Loading in 2 Seconds...
Loading in 2 Seconds...
Private Financing and Governance Issues in Renewable Energy Financing. 21 st April 2004 Head EMSD/DINT IDFC. IDFC Background. Set up in 1997 as a nodal FI to lead private capital to commercially viable infrastructure 40% GoI, 40% international agencies
Download Policy: Content on the Website is provided to you AS IS for your information and personal use and may not be sold / licensed / shared on other websites without getting consent from its author.While downloading, if for some reason you are not able to download a presentation, the publisher may have deleted the file from their server.
Private Financing and GovernanceIssues in Renewable Energy Financing 21st April 2004 Head EMSD/DINT IDFC
IDFC Background • Set up in 1997 as a nodal FI to lead private capital to commercially viable infrastructure • 40% GoI, 40% international agencies • Capital base of over US$300 mn (equity+ sub-debt) and balance sheet size of US$ 650 mn • Works on project finance, policy & advisory work • Sectors • Energy • Generation, Transmission and Distribution • Integrated Transport & Logistics • Roads and Bridges • Ports and harbors • Telecommunication & IT • Water, Sanitation and Solid waste • Food & Agriculture • New social sectors : Health, Education & Tourism • Strong focus on development and sustainability
Financing Sustainable Energy • Sustainability • Social Sustainability (Provision to the last mile and poor) • Local Environment sustainability (avoidance of thermal power) • Global sustainability (GHG mitigation) • Covers • RET • Energy efficiency • CDM & GHG focus • Presentation to cover only • RET development in India and its success • Rural and remote rural electrification and PSP
A Critique of India’s RET Policies • India has an impressive record on renewables • Government has played a critical role in developing the same with incentives and subsidies • Government has failed to create a market • Device/Technology based push • Focus on asset creation rather than energy service • The impressive record is only in terms of “installed capacity” • Conflicting roles of the government • Subsidy provider • Implementer • Evaluator • Regulator • No accountability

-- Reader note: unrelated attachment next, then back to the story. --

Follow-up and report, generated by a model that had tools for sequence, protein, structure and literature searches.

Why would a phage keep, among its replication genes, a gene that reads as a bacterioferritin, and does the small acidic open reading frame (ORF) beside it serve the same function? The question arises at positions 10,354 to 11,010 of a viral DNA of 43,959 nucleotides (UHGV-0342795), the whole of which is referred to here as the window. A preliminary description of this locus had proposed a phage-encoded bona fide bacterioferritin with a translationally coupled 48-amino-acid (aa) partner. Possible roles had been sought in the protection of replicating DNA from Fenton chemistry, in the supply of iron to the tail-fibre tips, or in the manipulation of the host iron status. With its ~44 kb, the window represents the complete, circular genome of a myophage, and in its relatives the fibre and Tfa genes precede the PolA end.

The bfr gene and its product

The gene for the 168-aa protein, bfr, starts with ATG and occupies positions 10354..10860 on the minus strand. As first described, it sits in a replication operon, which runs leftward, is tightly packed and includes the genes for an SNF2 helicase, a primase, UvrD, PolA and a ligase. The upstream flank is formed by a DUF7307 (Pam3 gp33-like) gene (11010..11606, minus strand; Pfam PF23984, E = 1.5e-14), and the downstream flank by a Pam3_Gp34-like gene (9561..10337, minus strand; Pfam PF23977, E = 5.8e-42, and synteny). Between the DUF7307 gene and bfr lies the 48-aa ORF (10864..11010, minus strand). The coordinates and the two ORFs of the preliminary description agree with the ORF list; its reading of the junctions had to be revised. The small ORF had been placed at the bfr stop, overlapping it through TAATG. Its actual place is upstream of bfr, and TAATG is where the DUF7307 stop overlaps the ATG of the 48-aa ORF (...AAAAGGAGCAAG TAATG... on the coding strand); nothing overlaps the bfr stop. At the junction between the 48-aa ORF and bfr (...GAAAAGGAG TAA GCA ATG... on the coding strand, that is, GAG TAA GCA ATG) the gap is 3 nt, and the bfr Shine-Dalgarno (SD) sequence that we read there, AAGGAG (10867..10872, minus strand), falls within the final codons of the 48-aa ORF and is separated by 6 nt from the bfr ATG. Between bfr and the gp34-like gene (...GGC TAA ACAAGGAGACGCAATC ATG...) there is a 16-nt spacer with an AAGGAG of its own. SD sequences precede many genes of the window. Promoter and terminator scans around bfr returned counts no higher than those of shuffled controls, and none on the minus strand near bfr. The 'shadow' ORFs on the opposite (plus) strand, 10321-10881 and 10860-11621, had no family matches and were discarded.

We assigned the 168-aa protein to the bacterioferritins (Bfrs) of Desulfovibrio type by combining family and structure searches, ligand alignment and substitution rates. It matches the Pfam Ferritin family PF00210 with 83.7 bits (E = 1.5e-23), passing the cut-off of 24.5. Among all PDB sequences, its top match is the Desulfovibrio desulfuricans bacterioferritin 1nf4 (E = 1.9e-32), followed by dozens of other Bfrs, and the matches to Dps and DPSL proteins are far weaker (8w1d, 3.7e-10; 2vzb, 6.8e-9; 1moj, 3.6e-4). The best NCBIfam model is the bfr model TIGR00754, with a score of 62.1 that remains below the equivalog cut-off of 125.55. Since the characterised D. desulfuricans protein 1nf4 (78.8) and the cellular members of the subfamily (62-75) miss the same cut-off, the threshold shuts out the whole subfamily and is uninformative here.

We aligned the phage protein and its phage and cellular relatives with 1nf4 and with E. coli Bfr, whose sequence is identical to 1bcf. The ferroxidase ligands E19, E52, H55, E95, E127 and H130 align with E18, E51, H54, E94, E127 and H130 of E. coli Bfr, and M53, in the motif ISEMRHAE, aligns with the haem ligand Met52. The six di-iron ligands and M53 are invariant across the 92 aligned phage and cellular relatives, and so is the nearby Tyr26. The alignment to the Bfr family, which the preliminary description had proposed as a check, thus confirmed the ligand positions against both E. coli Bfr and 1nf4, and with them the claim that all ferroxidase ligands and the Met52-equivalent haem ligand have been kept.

New Electricity Act • Local Bodies can distribute and generate power • Provision of license free generation in rural areas • Subsidy provision in the budget to facilitate rural electrification • Utility has to buy power from the small generators • Some ambiguities but this is a huge potential boost for the sector
Present Opportunity • There is an opportunity for Remote Rural electrification using renewables • National targets • Electrification of all villages by 2007 • Electrification of all households by 2012 • Estimated that 80000 (1991 census) villages in India yet to be electrified • Estimated that 18000 of these are remote rural villages • Off-grid /mini grid options to be explored here • by MNES/state nodal agency • Exploration of a new business model that possibly moves the governance framework
Remote rural electrification (RRE) & PSP • Challenges • Limited paying capacity • Small village size/Dispersed population • Low energy loads • Mostly in hilly difficult terrain areas(16 states) • Based on the above projects will not be stand-alone viable • MNES to provide subsidy based on economic condition target customers • Present indicative amounts of 90% capital subsidy • Can PSP be used to leverage this amount • Pay for service delivery rather than asset subsidy • Private sector includes local entreprises, NGOs and local bodies